Oklahoma's Sam Bradford received 300 first-place votes, while Tim Tebow had 309 and Colt McCoy 266.
Kelly Kline / AP Enlarge
NEW YORK - The first person to congratulate Heisman Trophy winner Sam Bradford was the player who won it last year - Tim Tebow.
The star quarterbacks from the top two teams in the country shook hands last night, then embraced.
On Jan. 8, with the national championship on the line, it won't be so cordial.
Bradford, Oklahoma's amazingly accurate and quick-thinking passer, won the Heisman after leading the highest-scoring team in major college history to the BCS title game.
A year after Tebow was the first sophomore to win the Heisman, Bradford became the second and kept the Florida star from joining Archie Griffin as the only two-time winners.
Bradford and Tebow will soon meet again, when the No. 2 Sooners (12-1) face No. 1 Gators (12-1) in Miami.
"We're ready to get back to work to get ready for the eighth," Bradford said. "When we started this season, winning the national championship was the first goal we put down as a team."
Next month's game between Oklahoma and Florida marks the second time Heisman winners will play against each other. The first was in the 2005 Orange Bowl, when '04 winner Matt Leinart and Southern California beat '03 winner Jason White and Oklahoma for the national title.
Bradford, who leads the nation in touchdown passes with 48, received 1,726 points. Texas quarterback Colt McCoy was second with 1,604 and Tebow - who received the most first-place votes - was third with 1,575 points.
"I was definitely surprised and I think it's everything I imagined," said Bradford, who raised the 25-pound bronze statue with his left hand still in a cast from a recent surgery. "I think it will take a couple weeks to set in."
Bradford got 300 first-place votes, McCoy 266 and Tebow 309. Not since 1956 had a player drawn the most first-place votes and finished third; Tommy McDonald of Oklahoma holds that distinction.
Bradford was the third person to win without receiving the most first-place votes, joining Notre Dame's Paul Hornung in '56 and Oklahoma's Billy Sims in 1978.
Any consolation, Tim?
"Not really," he said with a smile. "You lose, you lose.
"We still get to play in January and decide something a little bit bigger."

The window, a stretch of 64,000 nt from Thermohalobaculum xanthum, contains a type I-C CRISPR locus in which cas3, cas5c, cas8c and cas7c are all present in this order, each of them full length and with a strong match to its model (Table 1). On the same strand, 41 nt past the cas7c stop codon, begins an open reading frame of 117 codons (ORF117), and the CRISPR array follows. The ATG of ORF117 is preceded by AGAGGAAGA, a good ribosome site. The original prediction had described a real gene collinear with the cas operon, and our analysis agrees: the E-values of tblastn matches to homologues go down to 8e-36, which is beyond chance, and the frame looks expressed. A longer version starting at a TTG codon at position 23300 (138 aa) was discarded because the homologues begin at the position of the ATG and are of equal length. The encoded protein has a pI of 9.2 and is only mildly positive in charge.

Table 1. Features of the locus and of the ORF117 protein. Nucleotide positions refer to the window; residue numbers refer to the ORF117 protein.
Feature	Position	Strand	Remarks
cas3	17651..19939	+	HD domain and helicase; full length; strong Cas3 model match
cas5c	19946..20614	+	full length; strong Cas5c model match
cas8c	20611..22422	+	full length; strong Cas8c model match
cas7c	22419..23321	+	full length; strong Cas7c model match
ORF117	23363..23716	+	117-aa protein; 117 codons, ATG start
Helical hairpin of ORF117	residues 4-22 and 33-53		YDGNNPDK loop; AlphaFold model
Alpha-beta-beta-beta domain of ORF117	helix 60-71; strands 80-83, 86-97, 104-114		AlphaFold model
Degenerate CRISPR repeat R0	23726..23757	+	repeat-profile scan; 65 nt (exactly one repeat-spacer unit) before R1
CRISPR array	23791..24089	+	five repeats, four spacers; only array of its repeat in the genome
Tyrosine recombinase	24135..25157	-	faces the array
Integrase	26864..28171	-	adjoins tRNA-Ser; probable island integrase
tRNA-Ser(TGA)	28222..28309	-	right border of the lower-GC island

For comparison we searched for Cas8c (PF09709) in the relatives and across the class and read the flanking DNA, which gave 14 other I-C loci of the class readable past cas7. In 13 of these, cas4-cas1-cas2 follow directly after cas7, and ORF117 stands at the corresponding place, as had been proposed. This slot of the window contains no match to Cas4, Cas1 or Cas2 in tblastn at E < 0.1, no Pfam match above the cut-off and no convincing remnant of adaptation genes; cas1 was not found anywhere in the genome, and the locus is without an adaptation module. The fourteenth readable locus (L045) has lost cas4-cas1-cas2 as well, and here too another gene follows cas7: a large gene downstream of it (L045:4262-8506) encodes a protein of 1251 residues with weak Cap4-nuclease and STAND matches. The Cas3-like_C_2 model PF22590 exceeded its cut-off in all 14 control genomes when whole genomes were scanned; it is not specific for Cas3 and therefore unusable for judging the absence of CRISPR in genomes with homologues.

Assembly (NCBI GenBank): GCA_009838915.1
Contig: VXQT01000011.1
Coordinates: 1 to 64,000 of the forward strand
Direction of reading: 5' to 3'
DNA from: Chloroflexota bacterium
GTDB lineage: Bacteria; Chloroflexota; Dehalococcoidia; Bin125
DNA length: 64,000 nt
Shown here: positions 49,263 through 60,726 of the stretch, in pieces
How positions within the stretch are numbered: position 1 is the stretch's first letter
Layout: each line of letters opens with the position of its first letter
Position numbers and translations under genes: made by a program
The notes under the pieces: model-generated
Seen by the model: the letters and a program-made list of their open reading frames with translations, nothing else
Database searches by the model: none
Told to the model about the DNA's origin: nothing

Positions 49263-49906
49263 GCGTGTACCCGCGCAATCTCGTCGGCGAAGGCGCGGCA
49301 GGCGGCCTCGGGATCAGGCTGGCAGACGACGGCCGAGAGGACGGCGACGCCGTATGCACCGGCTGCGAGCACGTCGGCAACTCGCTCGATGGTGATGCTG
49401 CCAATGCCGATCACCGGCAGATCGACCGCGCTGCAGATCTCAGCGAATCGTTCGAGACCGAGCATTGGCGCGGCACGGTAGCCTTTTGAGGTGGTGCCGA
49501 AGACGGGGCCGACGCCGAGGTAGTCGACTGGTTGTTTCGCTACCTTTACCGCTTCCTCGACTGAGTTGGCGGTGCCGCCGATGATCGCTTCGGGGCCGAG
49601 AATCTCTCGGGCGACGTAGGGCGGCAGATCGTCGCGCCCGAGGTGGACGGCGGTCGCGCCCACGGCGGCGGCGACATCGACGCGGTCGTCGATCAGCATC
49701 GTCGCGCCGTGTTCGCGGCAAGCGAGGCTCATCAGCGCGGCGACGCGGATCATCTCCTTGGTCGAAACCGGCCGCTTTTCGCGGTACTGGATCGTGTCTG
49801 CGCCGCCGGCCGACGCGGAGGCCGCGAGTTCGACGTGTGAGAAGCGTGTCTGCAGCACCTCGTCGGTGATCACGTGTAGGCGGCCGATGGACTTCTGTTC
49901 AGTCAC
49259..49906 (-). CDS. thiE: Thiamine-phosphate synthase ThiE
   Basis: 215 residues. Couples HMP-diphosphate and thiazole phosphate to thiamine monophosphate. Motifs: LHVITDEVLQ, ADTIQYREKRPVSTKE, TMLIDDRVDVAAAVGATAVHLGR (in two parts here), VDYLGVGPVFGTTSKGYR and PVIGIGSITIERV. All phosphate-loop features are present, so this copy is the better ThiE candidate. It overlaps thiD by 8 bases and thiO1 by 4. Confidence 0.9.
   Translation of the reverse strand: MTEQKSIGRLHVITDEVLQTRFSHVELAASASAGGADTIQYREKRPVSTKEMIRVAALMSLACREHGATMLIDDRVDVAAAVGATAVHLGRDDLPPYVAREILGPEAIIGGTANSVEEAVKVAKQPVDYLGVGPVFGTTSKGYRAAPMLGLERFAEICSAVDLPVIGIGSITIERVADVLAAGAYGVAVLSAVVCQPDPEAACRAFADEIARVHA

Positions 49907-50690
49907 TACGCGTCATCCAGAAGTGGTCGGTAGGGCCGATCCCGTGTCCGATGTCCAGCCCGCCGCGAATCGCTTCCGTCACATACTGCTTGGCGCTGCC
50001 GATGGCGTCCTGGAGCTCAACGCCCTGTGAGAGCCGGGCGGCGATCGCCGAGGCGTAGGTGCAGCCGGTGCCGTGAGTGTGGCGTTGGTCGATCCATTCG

It was the closest margin between the top two since Nebraska's Eric Crouch edged Florida's Rex Grossman by 62 points in 2001. The only other time the gap between first and third was smaller was also '01, when Miami's Ken Dorsey was 142 points behind Crouch.
"Now I know what it's like for those people on 'American Idol,'•" McCoy said. "My heart was pounding."
The award ceremony was held at the Nokia Theatre in Times Square. When it was over, the finalists were whisked downtown with a police escort, about 50 blocks to the Sports Museum of America in lower Manhattan for a news conference.
"I was really nervous," Bradford said during his news conference. "I'd much rather play in front of 100,000 people than wait for an award to be handed out."
The Big 12 South was the epicenter of college football this season, with both the national championship race and Heisman chase turning weekly on games played by its three powerhouse teams.
McCoy was the early Heisman front-runner after leading the Longhorns to the No. 1 ranking with a victory against Oklahoma in October. Texas Tech's Graham Harrell, who finished a distant fourth in Heisman voting, then moved to the forefront after he tossed a last-second, game-winning touchdown pass to beat Texas a month later.
But Bradford closed strongest, leading his team to a string of blowout victories, including one against Texas Tech, and a spot - even if it was somewhat controversial - in the BCS title game.
Bradford leads the nation in passer rating (186.3) and has thrown for 4,464 yards, directing the Sooners' fast-paced, no-huddle offense.
Oklahoma has already racked up 702 points to blow past the record of 656 set by Hawaii in 2006, and last week the Sooners became the first major college team in 89 years to score at least 60 in five straight games.
"This is an individual award but I feel like I'm receiving it on behalf of my teammates," Bradford said during his acceptance speech. "I feel like our whole offense bails me out every game. They make me look good."
Bradford is the fifth Oklahoma player to win the award, and second during coach Bob Stoops' 10 seasons with the Sooners. Bradford matched White by taking home college football's most famous bronze statue. Next he'd like to join Josh Heupel, his position coach and a Heisman runner-up, who quarterbacked OU to the 2000 national title.
"You were one of my heroes growing up," Bradford told Heupel.
Oklahoma has never won a national title and a Heisman Trophy in the same season.
While no match for Tebow and McCoy as a runner, Bradford's Heisman moment came on a scramble against Oklahoma State in the regular-season finale. He sprinted away from pressure, turned up the sideline and about 5 yards from the end zone tried to vault headfirst to the goal line. Bradford got hit and flipped, arms and legs whipping around, and landed hard out of bounds, but popped right up. On the next play, he sneaked into the end zone from a yard out.
He came out of that game with an injured non-throwing hand. The cast will be off well before the game against Florida.
The winner that night in Miami gets the biggest prize of all.
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